There are children playing in the streets who could solve some of my top problems in physics, because they have modes of sensory perception that I lost long ago.
I am become Death, the shatterer of worlds.
The open society, the unrestricted access to knowledge, the unplanned and uninhibited association of men for its furtherance these are what may make a vast, complex, ever growing, ever changing, ever more specialized and expert technological world...
The true scientist never loses the faculty of amusement. It is the essence of his being.
This is a world in which each of us, knowing his limitations, knowing the evils of superficiality and the terrors of fatigue, will have to cling to what is close to him, to what he knows, to what he can do. . .
The optimist thinks this is the best of all possible worlds. The pessimist fears it is true.
In some sort of crude sense, which no vulgarity, no humor, no overstatement can quite extinguish, the physicists have known sin; and this is a knowledge which they cannot lose.
Both the man of science and the man of action live always at the edge of mystery, surrounded by it.
No man should escape our universities without knowing how little he knows.
"It worked." (said after witnessing the first atomic detonation).
The optimist thinks that this is the best of all possible worlds, and the pessimist knows it.
We knew the world would not be the same.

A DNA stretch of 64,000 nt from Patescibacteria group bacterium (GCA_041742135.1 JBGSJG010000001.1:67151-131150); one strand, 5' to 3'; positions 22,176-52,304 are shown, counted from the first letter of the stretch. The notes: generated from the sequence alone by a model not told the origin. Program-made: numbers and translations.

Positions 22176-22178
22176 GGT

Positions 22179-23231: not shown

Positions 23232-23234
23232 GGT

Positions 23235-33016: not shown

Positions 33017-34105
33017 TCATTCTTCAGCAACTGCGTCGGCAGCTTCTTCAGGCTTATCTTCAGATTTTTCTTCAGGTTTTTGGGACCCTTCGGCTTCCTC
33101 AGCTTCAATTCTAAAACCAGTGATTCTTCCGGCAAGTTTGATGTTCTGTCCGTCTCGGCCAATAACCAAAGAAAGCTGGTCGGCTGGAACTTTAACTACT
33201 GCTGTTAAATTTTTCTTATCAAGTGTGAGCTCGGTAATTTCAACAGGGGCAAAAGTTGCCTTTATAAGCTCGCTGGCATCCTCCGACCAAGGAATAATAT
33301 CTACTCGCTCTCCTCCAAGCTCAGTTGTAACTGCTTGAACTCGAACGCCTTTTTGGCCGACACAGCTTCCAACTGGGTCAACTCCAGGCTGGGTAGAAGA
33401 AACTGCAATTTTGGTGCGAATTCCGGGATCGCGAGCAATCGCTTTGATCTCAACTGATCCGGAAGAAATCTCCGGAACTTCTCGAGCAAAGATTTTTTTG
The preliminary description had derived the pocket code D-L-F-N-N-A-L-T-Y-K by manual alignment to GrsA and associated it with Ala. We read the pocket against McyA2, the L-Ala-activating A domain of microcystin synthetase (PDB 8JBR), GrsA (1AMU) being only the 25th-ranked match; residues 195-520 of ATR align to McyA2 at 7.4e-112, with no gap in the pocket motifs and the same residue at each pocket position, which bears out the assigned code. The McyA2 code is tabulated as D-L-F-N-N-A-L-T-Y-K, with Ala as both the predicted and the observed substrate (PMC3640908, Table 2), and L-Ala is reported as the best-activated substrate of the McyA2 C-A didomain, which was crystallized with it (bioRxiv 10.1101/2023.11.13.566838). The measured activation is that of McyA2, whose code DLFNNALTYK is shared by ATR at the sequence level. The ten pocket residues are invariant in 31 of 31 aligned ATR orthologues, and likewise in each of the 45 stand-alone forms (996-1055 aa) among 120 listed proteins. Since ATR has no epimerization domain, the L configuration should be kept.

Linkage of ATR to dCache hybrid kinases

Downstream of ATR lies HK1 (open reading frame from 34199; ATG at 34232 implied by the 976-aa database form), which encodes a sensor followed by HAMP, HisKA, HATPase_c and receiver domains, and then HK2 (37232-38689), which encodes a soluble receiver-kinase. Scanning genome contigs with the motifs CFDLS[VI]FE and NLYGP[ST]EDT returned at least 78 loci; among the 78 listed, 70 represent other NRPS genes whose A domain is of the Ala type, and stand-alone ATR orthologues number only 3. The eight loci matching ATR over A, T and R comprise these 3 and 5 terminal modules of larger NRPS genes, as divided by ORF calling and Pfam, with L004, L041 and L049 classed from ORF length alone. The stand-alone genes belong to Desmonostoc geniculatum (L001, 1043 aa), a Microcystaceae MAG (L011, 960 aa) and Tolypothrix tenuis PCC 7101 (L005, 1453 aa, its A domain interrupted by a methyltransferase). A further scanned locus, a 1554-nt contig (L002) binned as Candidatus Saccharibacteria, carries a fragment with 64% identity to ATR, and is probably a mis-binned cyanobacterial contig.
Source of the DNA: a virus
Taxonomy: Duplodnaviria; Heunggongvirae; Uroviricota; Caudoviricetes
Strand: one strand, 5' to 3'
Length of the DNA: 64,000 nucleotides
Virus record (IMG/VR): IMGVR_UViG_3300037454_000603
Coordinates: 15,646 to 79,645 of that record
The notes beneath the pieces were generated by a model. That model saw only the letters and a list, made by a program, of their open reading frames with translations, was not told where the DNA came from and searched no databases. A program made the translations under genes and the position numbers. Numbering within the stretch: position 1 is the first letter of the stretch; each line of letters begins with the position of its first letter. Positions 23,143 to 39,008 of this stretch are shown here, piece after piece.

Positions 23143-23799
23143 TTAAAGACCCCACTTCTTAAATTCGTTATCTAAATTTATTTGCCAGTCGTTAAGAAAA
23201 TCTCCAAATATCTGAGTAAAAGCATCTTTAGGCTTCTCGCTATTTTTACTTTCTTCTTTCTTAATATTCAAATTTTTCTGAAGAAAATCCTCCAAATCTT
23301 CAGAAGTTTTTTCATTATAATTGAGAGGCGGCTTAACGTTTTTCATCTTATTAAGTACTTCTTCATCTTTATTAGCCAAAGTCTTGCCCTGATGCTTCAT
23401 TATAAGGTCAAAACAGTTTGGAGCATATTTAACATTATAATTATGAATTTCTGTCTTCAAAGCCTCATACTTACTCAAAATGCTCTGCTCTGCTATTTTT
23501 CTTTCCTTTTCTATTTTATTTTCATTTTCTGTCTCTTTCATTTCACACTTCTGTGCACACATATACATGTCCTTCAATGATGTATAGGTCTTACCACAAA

In the material sciences these are and have been, and are most surely likely to continue to be heroic days.
Any man whose errors take ten years to correct is quite a man.
When you see something that is technically sweet, you go ahead and do it and you argue about what to do about it only after you have had your technical success. That is the way it was with the atomic bomb.
The atomic bomb made the prospect of future war unendurable. It has led us up those last few steps to the mountain pass; and beyond there is a different country.
You can certainly destroy enough of humanity so that only the greatest act of faith can persuade you that what's left will be human.
I am become death, the destroyer of worlds.
Access to the Vedas is the greatest privilege this century may claim over all previous centuries.
More J. Robert Oppenheimer Quotations (Based on Topics)
Man - World - Wisdom & Knowledge - Death & Dying - Success - Actions - Sense & Perception - Physics - Future - Belief & Faith - Sin - Pleasure - Matter - Humanity - Countries - Society & Civilization - Science - Mystery - Jokes & Humor - View All J. Robert Oppenheimer Quotations
Albert Einstein - Richard P. Feynman - Paul Dirac - Niels Bohr - Murray Gell-Mann - James Prescott Joule - Freeman Dyson - Enrico Fermi - Chen Ning Yang - Brian Greene